The Winner-take-all is the familiar First Price Auction setting. In such auctions, the complete information Pure-Nash equilibrium has the two highest-value bidders, each bidding the second-highest bidder’s value, with every other agent bidding below this. In effect, we expect that the highest-value bidder always wins while paying the second highest bidder’s value (we represent this simply as b_1=b_2+\epsilon, though you could equivalently tie-break in favor of the higher-value player).

In the Proportional-all-pay setting, each player has the utility,

\begin{align} U_i (\mathbf{b}) &= v_i \cdot x_i(\mathbf{b}) - b_i \\ &= v_i \cdot \frac{b_i}{\sum_j b_j} - b_i. \end{align}

To determine the existence of a Pure Nash Equilibrium, we consider each player’s first- and second-order conditions. Let \mathbf{b}^* denote the candidate equilibrium set of bids.

  1. First-order condition: \partial U_i / \partial b_i (\mathbf{b^*}) = 0 (or \partial U_i / \partial b_i (\mathbf{b^*}) \leq 0, \;\forall i \text{ s.t. } b^*_i=0.)
    • Intuitively, this condition checks a non-zero-bidding player is (to first order) locally indifferent to small changes in its bid.
  2. Second-order condition: \partial^2 U_i / \partial b_i^2 < 0
    • Intuitively, this condition ensures that the utility function is concave, implying that locally best responses are globally best for all players.

In our simple two-player example in the Proportional-all-pay setting, we have the following.

\begin{align} \frac{\partial U_1}{\partial b_1}(\mathbf{b}) = \frac{v_1 b_2}{(b_1 + b_2)^2} - 1 = 0 \; , \quad \frac{\partial U_2}{\partial b_2}(\mathbf{b}) = \frac{v_2 b_1}{(b_1 + b_2)^2} - 1 = 0 \end{align}

This system can be solved to find the equilibrium bids, \mathbf{b}^*,

\begin{align} b^*_1 = \frac{v_1^2 v_2}{(v_1 + v_2)^2}\; , \quad b^*_2 = \frac{v_2^2 v_1}{(v_1 + v_2)^2}. \end{align}

For our toy example, we have v_1=4, \; v_2=2 \implies b_1^* = 32/36, \; b_2^* = 16/36. We can verify our first-order conditions

\begin{align} \frac{4 \cdot 16/36}{16/9} - 1 = 0 \; , \quad \frac{2 \cdot 32/36}{16/9} - 1 = 0 \quad \checkmark \end{align}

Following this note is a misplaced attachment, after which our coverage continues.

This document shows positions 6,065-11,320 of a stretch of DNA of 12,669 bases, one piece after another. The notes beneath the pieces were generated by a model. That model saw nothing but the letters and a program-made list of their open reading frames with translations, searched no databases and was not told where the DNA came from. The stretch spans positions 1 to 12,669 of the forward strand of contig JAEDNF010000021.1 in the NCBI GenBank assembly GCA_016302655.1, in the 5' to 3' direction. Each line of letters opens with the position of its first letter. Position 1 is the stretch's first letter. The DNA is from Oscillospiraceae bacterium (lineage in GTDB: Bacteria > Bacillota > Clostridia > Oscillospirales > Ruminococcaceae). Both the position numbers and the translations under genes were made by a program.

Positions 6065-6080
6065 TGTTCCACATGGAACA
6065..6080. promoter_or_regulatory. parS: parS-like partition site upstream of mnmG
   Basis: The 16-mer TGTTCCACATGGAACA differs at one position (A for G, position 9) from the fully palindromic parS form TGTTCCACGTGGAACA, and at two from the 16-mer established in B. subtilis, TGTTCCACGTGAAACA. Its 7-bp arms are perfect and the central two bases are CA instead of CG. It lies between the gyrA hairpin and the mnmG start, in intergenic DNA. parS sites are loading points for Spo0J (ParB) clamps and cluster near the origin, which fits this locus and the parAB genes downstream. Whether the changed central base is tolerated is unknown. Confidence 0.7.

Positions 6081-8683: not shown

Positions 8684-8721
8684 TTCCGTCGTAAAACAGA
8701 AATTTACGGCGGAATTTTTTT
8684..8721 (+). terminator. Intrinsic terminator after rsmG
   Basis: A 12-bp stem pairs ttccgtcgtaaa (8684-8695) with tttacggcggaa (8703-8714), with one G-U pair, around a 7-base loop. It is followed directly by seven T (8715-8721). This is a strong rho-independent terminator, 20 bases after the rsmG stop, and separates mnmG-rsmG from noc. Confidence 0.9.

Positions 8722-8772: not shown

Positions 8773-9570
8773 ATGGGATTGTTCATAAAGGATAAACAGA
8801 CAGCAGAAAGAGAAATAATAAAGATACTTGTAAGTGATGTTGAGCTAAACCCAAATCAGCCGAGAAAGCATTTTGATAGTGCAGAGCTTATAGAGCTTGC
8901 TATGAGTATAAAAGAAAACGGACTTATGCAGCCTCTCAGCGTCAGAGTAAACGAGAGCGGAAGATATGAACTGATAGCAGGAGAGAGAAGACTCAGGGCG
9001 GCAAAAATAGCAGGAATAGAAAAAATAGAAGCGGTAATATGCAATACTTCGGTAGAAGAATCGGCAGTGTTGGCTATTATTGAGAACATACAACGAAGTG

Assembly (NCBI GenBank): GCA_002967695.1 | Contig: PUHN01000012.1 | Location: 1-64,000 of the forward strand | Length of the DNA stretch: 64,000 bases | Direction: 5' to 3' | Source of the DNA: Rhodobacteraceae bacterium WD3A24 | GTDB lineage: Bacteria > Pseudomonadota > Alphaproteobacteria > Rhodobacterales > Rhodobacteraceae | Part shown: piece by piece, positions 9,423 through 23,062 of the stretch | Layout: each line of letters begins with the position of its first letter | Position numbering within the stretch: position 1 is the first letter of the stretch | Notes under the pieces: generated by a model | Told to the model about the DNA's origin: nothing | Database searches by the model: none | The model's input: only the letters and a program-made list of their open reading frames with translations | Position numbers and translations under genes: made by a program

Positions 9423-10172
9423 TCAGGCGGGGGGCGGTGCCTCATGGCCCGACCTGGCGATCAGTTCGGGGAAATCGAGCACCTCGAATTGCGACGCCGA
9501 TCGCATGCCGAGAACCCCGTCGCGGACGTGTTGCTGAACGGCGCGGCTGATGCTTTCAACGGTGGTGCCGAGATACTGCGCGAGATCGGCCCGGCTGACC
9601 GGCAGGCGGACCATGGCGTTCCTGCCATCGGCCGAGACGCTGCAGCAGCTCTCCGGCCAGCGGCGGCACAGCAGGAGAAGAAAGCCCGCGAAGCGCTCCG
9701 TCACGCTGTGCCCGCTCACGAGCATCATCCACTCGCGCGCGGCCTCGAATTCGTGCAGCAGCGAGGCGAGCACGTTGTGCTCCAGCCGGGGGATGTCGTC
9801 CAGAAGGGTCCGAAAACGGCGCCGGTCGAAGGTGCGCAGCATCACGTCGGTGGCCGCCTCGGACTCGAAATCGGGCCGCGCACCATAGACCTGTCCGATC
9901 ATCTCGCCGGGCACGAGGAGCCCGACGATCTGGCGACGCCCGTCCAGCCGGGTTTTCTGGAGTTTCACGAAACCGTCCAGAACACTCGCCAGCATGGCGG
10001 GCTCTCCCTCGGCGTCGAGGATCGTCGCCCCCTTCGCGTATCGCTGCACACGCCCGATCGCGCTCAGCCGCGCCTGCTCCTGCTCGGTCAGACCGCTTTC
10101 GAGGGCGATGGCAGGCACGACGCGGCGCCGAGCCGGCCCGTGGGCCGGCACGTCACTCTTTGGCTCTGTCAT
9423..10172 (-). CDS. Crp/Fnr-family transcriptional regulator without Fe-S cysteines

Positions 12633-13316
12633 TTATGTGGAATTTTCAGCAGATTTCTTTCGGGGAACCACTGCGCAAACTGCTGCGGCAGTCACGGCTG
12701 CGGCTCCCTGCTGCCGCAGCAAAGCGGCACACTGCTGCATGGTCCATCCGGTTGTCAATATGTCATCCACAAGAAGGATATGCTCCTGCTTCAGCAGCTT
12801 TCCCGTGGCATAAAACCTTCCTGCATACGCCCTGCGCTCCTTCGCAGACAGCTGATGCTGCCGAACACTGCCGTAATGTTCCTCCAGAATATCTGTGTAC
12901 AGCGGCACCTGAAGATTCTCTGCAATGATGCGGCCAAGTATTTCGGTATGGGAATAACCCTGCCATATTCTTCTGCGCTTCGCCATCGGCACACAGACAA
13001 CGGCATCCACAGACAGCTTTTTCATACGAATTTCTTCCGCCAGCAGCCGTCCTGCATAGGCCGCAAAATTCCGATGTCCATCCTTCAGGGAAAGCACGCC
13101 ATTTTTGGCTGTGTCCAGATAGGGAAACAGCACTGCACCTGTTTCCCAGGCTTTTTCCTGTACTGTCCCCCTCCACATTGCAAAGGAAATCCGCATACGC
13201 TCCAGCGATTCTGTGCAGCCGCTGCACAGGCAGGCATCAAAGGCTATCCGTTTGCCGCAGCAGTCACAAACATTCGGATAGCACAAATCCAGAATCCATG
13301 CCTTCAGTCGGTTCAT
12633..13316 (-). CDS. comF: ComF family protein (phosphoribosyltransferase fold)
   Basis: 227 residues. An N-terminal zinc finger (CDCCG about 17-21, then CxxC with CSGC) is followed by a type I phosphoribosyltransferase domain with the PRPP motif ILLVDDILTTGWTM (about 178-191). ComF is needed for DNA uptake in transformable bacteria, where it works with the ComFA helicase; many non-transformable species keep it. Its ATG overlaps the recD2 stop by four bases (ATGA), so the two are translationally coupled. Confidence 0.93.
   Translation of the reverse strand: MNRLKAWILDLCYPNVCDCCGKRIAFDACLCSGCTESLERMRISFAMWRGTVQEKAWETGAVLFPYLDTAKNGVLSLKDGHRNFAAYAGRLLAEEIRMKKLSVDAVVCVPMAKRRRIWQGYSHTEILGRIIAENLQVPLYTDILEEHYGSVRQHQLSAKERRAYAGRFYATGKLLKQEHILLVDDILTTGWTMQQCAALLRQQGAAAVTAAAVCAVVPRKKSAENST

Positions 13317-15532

The second-order conditions can also be verified – this is left as an exercise for the reader :wink:

Aside #2 – Tullock Contests

Last chance to skip to the conclusion. (If you continue, by definition, you are the “interested reader” – congrats.)

The model described above is established in the algorithmic game theory literature as a Tullock Contest – named for Gordon Tullock, who explored the idea in his seminal work, “Efficient Rent Seeking.” He motivates this study by considering situations where investment is made before the outcome is known and where the investments might not transfer easily between participants, e.g., political spending.

Suppose, for example, that we organize a lobby in Washington for the purpose of raising the price of milk and are unsuccessful. We cannot simply transfer our collection of contacts, influences, past bribes, and so forth to the steel manufacturers’ lobby. In general, our investments are too specialized, and, in many cases, they are matters of very particular and detailed goodwill to a specific organization. It is true that we could sell the steel lobby our lobbyists with their connections and perhaps our mailing list. But presumably, all these things have been bought by us at their proper cost. Our investment has not paid, but there is nothing left to transfer.” – Gordon Tullock (1980)